Survey cancelled due to operational reasons.
Angela Needham and Jenny Ball, Research Surveyors for
Outward journey: Breezy (F5-6 ENE) but visibility limited to around 5k. Homeward journey: Calm (F1-3 SE), intermittent fog at first
Summary of Species Recorded
Harbour Porpoise Phocoena phocoena 3
Short-beaked Common Dolphin Delphinus delphis 16
Bottlenose Dolphin Tursiops truncates 1
Dolphin Sp 3
Grey Seal Halichoerus grypos 2
Fulmar Fulmarus glacialis 54
Gannet Morus bassanus 555
Herring Gull Larus argentatus 43
Lesser Black-backed Gull Larus fuscus 44
Great Black-backed Gull Larus marinus 40
Kittiwake Rissa tridactyla 248
Guillemot Uria aalge 245
Razorbill Alca torda 10
Common Gull Larus canus 53
Gull Sp 29
We made our way through the maze of industry at Immingham Docks, and didn't have to wait long for a lift from the carpark to the Super-Fast Baleares, a Spanish ship chartered by DFDS Seaways as a short-term supplement to their fleet on this route. On board at around midnight, we were shown to our comfortable cabin and retired, hoping to sleep through the 03:00 departure, to be ready for the start of our survey at 06:45.
We were made welcome on the bridge by the First Officer, and settled down to our survey, though the drizzle and generally murky conditions made for a slow start. The day was dominated by Gannet and Guillemot, with a few Fulmar, Kittiwake and other gulls being seen as time went on.
We had a fleeting view of a Bottlenose Dolphin right in front of the bow, but it hurried away without surfacing again; two Harbour Porpoise slipped down the side of the ship, hardly moving. Sightings of any kind became fewer and further between during the late afternoon, and we closed the survey at 18:45 as the light faded. After dinner, we spent some time entering the day's data into the spreadsheets, and looked forward to exploring Gothenburg the following day.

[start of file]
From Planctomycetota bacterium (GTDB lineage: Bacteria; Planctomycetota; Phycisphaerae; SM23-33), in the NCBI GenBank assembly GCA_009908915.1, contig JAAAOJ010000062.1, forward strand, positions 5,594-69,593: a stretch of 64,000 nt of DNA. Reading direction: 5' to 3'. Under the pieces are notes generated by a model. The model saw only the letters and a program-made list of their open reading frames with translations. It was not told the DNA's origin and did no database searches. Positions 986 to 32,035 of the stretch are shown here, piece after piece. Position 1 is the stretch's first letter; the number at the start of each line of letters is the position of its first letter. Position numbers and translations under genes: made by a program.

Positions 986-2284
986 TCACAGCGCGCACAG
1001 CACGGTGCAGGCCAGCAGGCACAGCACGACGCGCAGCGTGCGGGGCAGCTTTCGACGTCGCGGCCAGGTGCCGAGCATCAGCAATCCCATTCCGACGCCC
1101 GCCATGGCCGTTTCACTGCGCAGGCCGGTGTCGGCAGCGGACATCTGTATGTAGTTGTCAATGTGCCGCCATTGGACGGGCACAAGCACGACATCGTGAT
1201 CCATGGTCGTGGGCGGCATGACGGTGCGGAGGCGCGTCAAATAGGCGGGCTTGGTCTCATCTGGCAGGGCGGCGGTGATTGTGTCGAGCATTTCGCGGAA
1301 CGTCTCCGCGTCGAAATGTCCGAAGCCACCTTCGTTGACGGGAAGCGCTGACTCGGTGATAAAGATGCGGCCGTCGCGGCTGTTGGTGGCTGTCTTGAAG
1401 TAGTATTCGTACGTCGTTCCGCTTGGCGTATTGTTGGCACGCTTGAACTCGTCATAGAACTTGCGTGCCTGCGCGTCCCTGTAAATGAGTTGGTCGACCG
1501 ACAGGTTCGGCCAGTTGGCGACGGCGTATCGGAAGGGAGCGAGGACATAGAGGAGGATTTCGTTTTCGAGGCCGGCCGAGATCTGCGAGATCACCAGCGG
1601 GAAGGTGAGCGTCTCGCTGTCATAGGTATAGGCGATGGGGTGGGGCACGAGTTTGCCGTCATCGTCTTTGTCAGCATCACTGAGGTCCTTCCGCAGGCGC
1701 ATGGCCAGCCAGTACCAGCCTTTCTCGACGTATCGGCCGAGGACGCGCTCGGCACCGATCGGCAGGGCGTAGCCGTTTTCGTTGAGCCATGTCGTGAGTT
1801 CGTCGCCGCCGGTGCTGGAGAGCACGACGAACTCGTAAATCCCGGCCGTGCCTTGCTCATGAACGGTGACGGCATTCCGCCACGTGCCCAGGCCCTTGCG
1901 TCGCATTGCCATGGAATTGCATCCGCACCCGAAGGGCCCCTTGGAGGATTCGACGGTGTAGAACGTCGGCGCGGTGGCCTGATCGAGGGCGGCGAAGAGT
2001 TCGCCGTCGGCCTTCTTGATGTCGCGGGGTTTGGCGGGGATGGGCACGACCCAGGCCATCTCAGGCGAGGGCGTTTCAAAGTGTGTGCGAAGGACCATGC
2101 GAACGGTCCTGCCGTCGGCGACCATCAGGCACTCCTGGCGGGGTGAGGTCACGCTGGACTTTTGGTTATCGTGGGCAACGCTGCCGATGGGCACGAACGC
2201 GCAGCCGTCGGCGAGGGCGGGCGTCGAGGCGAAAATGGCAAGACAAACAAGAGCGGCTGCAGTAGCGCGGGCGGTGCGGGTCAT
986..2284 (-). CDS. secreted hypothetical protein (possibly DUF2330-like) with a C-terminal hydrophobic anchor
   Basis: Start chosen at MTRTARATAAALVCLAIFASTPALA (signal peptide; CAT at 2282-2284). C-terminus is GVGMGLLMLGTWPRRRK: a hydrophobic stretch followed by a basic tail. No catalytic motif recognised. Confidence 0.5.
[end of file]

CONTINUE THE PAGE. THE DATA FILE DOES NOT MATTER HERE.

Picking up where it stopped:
Off the ship soon after she docked at 08:00, we made our way into Gothenburg (surprisingly easy, given the size of the port - we suspected that it would not be quite so simple for people trying to find their way out of Immingham Docks!). We wandered through the old quarter of Haga, enjoyed a coffee and a cinnamon biscuit, and then back through the parks carpeted with early spring flowers. Having arrived back at the ship rather too early, we then carried on exploring by bus, though we don't advise anyone else to repeat our tour of the enormous Volvo industrial estate at Arendal!
Our second day's survey on the Gothenburg to Immingham leg was quite different to the outward journey: calm conditions, but intermittently very foggy early on. The flat sea proved to make spotting cetaceans easier, and we saw one Harbour Porpoise and 15 Common Dolphin, both individuals and in small groups. We also saw two Grey Seal.
The main seabird species were once again Gannet, Kittiwake and Guillemot, with just a few gulls sighted. In the late afternoon, we saw several flights of Guillemot, most probably heading in the direction of their nesting sites at Flamborough, approximately 35 miles away.
We brought the survey to a close as we approached the Humber, and left the bridge as the pilot was nearing the ship. We finally disembarked at 22:00 and the DFDS staff were very helpful in getting our exit paperwork processed and taking us back to our car.
This was my first survey, and I particularly enjoyed the new perspective given to bird watching by viewing from the bridge, some 35m above the waterline. Our thanks go to the ship's master Ramon Izquierdo Alvarez, and in particular to the First Officer, the crew and the cheerful stewards who made our days on board so comfortable and productive.
Angela Needham and Jenny Ball, Research Surveyors for MARINElife (Registered Charity No. 1110884; Registered Company No. 5057367)
Gannet Photo: Adrian Shephard
Bottlenose Dolphin Photo: Adrian Shephard
Common Dolphin Photo: Thomas Fisher